New York Governor David Paterson has signed a bill expanding the regulation of CPAs throughout the state.

The legislation allows the state to regulate a larger scope of services provided by CPAs, including management advisory, financial advisory and tax preparation services. The legislation also expands the scope of regulated CPAs beyond public practices and encompasses CPAs in industry, government and academia.

The law also requires all New York state CPA firms that perform attest or compilation services to register. Those firms that provide attest services will have to undergo quality review every three years. However, the law exempts sole proprietors and firms with two or fewer accounting professionals, unless they perform state or municipal governmental audits.

In addition, the law enables out-of-state CPAs to practice attest and compilation services in New York through a temporary practice permit if the CPA’s home state has licensure requirements significantly comparable to New York’s, and the CPA is in good standing in the state of licensure.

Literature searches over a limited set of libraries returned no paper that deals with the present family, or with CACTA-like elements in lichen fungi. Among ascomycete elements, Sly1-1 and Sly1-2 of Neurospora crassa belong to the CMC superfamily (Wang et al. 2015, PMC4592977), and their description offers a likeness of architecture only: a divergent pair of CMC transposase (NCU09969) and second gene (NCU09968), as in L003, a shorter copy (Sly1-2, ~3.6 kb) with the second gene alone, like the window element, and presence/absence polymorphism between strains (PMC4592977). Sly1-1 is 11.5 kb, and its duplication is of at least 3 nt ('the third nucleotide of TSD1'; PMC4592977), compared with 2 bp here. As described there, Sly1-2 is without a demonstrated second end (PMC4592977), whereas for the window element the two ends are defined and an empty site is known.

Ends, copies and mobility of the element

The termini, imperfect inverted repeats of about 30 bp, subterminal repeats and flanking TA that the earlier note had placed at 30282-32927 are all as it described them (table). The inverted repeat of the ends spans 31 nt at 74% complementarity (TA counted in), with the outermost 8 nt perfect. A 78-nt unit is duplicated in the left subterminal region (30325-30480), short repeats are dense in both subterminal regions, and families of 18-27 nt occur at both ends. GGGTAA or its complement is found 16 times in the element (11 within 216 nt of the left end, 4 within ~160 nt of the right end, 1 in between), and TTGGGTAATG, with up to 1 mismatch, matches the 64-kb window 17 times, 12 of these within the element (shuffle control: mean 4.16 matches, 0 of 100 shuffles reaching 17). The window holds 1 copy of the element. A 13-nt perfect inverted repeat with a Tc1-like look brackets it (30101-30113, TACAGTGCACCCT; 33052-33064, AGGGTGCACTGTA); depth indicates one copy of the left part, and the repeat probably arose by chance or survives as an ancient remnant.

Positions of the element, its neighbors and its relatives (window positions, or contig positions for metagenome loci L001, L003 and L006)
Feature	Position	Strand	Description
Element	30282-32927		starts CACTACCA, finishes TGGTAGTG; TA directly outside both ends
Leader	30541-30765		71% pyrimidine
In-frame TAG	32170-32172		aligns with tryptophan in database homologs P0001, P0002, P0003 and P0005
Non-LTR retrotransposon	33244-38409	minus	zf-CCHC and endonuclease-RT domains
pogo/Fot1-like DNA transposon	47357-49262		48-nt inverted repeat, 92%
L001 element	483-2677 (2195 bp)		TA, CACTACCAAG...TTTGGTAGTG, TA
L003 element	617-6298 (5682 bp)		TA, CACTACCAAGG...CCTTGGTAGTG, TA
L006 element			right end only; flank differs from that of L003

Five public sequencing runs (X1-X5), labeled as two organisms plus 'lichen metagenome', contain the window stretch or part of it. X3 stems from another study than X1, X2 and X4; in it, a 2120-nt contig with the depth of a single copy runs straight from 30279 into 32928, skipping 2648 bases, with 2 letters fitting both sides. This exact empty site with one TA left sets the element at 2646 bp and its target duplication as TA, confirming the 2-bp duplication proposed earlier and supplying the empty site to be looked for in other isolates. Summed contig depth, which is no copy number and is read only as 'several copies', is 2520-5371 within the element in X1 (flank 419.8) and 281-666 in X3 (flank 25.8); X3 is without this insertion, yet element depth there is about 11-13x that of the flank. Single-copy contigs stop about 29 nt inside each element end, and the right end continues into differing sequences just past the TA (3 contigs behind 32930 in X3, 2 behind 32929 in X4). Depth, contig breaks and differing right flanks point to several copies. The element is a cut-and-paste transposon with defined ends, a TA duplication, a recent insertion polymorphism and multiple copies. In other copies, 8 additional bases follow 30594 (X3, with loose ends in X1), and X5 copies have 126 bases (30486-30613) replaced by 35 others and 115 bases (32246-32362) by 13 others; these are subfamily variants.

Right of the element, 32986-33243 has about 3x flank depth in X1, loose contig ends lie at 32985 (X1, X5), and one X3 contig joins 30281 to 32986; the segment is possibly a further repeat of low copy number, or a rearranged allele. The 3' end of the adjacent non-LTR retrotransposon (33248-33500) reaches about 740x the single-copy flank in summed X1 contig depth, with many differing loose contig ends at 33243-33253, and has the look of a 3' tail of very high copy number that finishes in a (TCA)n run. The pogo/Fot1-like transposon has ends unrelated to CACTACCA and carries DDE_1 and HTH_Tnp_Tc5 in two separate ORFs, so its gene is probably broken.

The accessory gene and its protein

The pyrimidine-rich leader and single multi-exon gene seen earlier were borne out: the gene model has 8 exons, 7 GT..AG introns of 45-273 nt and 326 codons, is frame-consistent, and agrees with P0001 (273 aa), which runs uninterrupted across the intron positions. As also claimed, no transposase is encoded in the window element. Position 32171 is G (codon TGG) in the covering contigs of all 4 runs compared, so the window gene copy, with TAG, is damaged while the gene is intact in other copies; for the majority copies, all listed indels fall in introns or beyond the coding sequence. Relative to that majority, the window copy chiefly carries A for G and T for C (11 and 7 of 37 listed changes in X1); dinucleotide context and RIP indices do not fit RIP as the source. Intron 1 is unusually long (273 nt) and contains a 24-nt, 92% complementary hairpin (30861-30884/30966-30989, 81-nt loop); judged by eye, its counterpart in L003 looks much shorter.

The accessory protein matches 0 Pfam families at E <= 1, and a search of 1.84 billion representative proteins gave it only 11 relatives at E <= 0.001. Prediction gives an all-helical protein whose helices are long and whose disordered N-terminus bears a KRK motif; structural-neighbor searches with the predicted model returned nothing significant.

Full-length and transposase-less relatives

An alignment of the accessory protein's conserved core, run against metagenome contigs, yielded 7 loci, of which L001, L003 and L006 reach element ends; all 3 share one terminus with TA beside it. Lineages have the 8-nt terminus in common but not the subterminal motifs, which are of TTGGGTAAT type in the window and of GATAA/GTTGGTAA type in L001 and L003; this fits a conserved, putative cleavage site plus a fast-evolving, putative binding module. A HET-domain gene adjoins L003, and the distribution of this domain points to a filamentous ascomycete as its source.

The laws regulating accountants in the state have not been substantially changed since 1947. The New York State Senate and Assembly have been considering the legislation for a decade, and it received additional impetus from the financial crisis and reports of accounting fraud at various companies.

Assembly member Deborah Glick said that after seeing other bills die after being accepted by both legislative bodies, she made sure to stay on top of the long-awaited accountancy reform legislation. “Now with the hard work behind us, I am elated and relieved,” she said.

The New York State Society of CPAs worked with her and other legislators on the bill, which was sponsored by State Senator Kenneth P. LaValle. “We are thrilled that the governor has signed this legislation to protect the public,” said NYSSCPA President Sharon Sabba Fierstein in a statement. “The law has not been changed in 60 years and the world we live in has changed dramatically during that time.”

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